What my character realizes, is that among her tennis league pals, her neighbors and fellow moms, and even her church friends, she finds no one she feels comfortable confiding in. While her situation may be extreme, the feedback I’m hearing from my readers is that this yearning for deep female connection strikes a chord with many of them.

The women who came before us had a lot of issues to contend with: equality, career limitations, protocol to adhere to, standards to aspire to. But what they suffered due to societal ignorance, they made up for through their bonding and support of one another in the most intimate ways. Childbirth, child rearing, the responsibilities of preparing food and making clothing for their families, and the wisdom imparted from the older women to the younger about marriage, parenting, housekeeping and the faith and strength of character they needed to do it all with grace and dignity.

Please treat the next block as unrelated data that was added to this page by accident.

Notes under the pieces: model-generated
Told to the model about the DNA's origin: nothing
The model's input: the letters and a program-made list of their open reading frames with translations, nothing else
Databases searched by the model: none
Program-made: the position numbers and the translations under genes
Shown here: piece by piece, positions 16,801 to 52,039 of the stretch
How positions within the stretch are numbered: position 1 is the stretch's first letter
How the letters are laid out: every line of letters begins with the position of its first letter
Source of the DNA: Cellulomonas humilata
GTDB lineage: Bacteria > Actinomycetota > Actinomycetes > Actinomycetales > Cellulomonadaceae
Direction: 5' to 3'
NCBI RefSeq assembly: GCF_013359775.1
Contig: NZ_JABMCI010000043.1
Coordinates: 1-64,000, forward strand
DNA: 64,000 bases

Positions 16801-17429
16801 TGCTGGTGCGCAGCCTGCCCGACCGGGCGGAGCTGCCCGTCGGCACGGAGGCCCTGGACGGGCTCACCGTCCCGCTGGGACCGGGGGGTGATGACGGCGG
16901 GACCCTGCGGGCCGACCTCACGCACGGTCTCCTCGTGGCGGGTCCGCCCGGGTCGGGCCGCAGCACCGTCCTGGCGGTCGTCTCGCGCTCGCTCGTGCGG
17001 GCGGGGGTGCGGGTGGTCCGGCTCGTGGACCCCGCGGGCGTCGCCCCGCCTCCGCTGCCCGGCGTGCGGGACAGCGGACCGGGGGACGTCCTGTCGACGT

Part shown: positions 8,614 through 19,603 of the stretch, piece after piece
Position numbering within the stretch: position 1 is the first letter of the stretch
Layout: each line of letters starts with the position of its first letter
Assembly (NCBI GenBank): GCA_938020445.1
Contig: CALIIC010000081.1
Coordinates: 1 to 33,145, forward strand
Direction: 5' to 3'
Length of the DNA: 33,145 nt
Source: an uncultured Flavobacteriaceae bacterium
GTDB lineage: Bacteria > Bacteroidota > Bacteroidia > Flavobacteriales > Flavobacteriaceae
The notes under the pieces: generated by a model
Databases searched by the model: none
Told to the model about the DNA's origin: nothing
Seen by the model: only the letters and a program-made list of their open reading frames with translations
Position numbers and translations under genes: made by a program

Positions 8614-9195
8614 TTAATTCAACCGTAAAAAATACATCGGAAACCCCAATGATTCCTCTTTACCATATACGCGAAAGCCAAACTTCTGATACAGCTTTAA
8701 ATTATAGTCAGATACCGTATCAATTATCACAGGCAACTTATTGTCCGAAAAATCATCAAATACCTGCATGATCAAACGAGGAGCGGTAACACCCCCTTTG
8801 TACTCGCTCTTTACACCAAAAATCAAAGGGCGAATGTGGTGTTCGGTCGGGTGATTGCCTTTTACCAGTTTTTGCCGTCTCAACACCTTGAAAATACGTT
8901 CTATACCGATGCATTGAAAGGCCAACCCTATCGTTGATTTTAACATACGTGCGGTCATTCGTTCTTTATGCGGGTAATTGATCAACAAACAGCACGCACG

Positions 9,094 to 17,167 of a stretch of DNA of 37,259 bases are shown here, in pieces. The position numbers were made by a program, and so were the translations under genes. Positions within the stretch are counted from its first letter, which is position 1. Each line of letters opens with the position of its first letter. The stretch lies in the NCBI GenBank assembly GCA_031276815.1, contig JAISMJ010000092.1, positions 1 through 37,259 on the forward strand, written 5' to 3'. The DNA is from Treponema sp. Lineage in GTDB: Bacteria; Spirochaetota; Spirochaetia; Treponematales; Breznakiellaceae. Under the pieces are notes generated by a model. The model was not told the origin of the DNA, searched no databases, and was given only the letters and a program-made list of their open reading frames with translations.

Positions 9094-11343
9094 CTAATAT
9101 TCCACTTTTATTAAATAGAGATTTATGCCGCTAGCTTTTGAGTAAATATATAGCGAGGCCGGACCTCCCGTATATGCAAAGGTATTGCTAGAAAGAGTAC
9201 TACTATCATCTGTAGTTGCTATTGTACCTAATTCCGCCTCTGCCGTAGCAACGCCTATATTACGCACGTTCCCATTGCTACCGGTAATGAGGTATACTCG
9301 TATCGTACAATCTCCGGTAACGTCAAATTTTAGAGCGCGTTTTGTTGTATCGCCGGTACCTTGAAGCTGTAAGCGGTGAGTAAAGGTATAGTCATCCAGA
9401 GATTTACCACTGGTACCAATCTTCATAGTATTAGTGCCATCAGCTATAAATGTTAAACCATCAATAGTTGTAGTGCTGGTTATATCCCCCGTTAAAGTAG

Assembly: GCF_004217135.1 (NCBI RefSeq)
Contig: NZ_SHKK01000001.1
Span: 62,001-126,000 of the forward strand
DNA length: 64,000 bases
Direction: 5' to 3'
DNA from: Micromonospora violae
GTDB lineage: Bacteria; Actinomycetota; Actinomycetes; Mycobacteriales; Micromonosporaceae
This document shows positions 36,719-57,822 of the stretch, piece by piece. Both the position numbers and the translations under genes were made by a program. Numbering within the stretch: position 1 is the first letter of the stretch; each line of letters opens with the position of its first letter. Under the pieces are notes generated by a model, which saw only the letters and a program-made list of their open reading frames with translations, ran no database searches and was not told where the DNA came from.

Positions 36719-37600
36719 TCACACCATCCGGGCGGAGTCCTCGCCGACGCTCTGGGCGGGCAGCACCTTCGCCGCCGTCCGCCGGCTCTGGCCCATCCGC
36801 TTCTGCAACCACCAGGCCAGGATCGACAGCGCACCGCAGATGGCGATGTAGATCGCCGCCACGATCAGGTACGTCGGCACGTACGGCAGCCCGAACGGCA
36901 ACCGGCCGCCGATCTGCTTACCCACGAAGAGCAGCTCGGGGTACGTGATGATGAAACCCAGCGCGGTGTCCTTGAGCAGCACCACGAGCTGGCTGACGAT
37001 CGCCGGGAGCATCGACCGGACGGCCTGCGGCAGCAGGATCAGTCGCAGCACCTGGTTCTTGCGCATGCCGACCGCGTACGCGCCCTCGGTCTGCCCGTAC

These women knew the value of girlfriends. The Bible is full of examples of the importance female connections. We see examples throughout the scriptures. Naomi and Ruth, Mary and her cousin Elizabeth, Esther and her precious fasting friends, and so many others.

Today we “bond” over soccer team meetings, snack duty, carpooling, office lunches, Facebook posts of our “amazing” lives and brilliant children, and the like.

No wonder so many women yearn for deeper, more meaningful friendships where they can be themselves—shortcomings and all, and be loved and accepted anyway.

As my fictional character discovers in Precious in His Sight, true relationships start with being vulnerable and willing. And meaningful friendships are often discovered in the most unlikely pairings when we open ourselves to the possibilities.